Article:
Interview with Naval Architect Mathias Maurios of VPLP Design

Diane interviews Mathias Maurios, Naval Architect and parnter at VPLP Design in France, about designing catamarans and in particular the Lagoon series. VPLP has designed all the over 6,000 Lagoons ever built. He has very interesting comments on the future of catamaran design.

You can find out more about VPLP Design on their website and email Mathias at ( ).

We’re here again with another CatamaranSite interview. This time with Mathias Maurios. Can you tell tell us about yourself and how you became involved with VPLP?

My name is Mathias Maurios, and I’m a naval architect at VPLP Design. I started with VPLP in 2000, so that will be 23 years ago in April. Today, I am a partner in the firm, and I’m responsible for the cruising activity. I am based in the Paris office.

Tell me a little bit about the company itself. What you do, what the boats are.

VPLP Design works on production boats, choosing production boats, both sailing and a little bit motor, racing boats, and one-offs. Most of our activities are production boats, but we also do quite a lot of racing boats. When I say racing, it’s both multi-hulls, but also mono-hulls.

We have three offices. We have one in Paris, where most of the cruising activity is concentrated. We have a second office in Nantes, where we also do a little bit of maritime work boat activity. And then finally one on the west coast, in Brittany, where most of the racing boats are designed. VPLP has a workforce of about 37 people.

Naval architects, designers, 3D modelers, and engineers. When I mean Engineers, they are performance engineers, people that do um calculations for predicting speed and stuff like that, and also structural engineers. Those structural engineers are working transversely on all the projects. That is production boats, cruising boats, and of course, racing boats. It is the same for the designers, they work on different projects: cruising, maritime, and racing. Obviously, a little bit less involvement on the racing boats than on the cruising.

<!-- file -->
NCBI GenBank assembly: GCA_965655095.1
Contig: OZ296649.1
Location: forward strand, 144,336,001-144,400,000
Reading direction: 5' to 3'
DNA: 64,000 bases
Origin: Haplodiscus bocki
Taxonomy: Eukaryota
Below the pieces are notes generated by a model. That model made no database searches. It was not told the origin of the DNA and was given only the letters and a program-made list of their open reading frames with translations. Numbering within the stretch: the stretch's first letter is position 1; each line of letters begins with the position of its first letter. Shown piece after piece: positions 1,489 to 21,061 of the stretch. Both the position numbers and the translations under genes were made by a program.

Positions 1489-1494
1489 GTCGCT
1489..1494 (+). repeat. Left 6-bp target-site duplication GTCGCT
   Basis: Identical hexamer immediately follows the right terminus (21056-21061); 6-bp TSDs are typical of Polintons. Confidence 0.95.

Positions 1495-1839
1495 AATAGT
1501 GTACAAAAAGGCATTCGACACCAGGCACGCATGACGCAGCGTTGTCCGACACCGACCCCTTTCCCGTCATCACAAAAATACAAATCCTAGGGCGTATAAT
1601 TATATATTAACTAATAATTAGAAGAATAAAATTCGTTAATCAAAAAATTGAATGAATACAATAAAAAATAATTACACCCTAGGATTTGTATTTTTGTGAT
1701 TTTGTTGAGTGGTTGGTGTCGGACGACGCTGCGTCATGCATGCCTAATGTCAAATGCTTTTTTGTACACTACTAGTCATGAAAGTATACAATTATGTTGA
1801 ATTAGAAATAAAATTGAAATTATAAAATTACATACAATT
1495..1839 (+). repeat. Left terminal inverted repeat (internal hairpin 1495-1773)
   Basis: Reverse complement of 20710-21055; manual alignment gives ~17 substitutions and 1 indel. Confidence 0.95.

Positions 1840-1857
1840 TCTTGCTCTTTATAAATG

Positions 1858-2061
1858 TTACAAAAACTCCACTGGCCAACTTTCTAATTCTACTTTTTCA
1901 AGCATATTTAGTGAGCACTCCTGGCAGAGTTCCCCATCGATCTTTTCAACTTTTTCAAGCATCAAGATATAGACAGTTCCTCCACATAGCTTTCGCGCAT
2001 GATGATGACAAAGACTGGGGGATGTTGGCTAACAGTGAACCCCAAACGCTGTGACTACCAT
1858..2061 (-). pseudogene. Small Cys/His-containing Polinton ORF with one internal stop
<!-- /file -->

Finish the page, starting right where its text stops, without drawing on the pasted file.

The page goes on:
So that’s very unique in a company that works with cruising boats. I figure specifically of the Lagoon, how has all that cross-expertise made the Lagoon the boat it is?

For sure, our experience in the racing boats and the new technologies that we use on the racing boats, we try to bring it in the cruising industry or activity. For instance, I remember some years ago, some of the Lagoons started to have the mast further after steps, and this was directly coming from the racing boats.

What are some of the important considerations that come into mind when you’re designing a cruising catamaran?

Well, I believe that the most important [thing] is to attentively consider the client by listening to him or her to understand how the client will will use and enjoy their boat. This analysis will allow us to best integrate the constraints and bring the most suitable answers in terms of architecture, but also design, and of course, naval architecture. On a more technical level, I would say that properly anticipating the weight, and the weight distribution is a key element as well, to consider for designing the best.

We cruised around the world on a catamaran. Weight was something we constantly had to take into account because we had a very low volume. But Lagoons, I think are very successful because you, and you can correct me, because you really know your client.

Exactly! If we speak more specifically about the Lagoons, I think they’ve been successful because they’ve always been able to adapt quite perfectly to the evolution of the market by anticipating the demands of their client, both in charter fleets and private owners.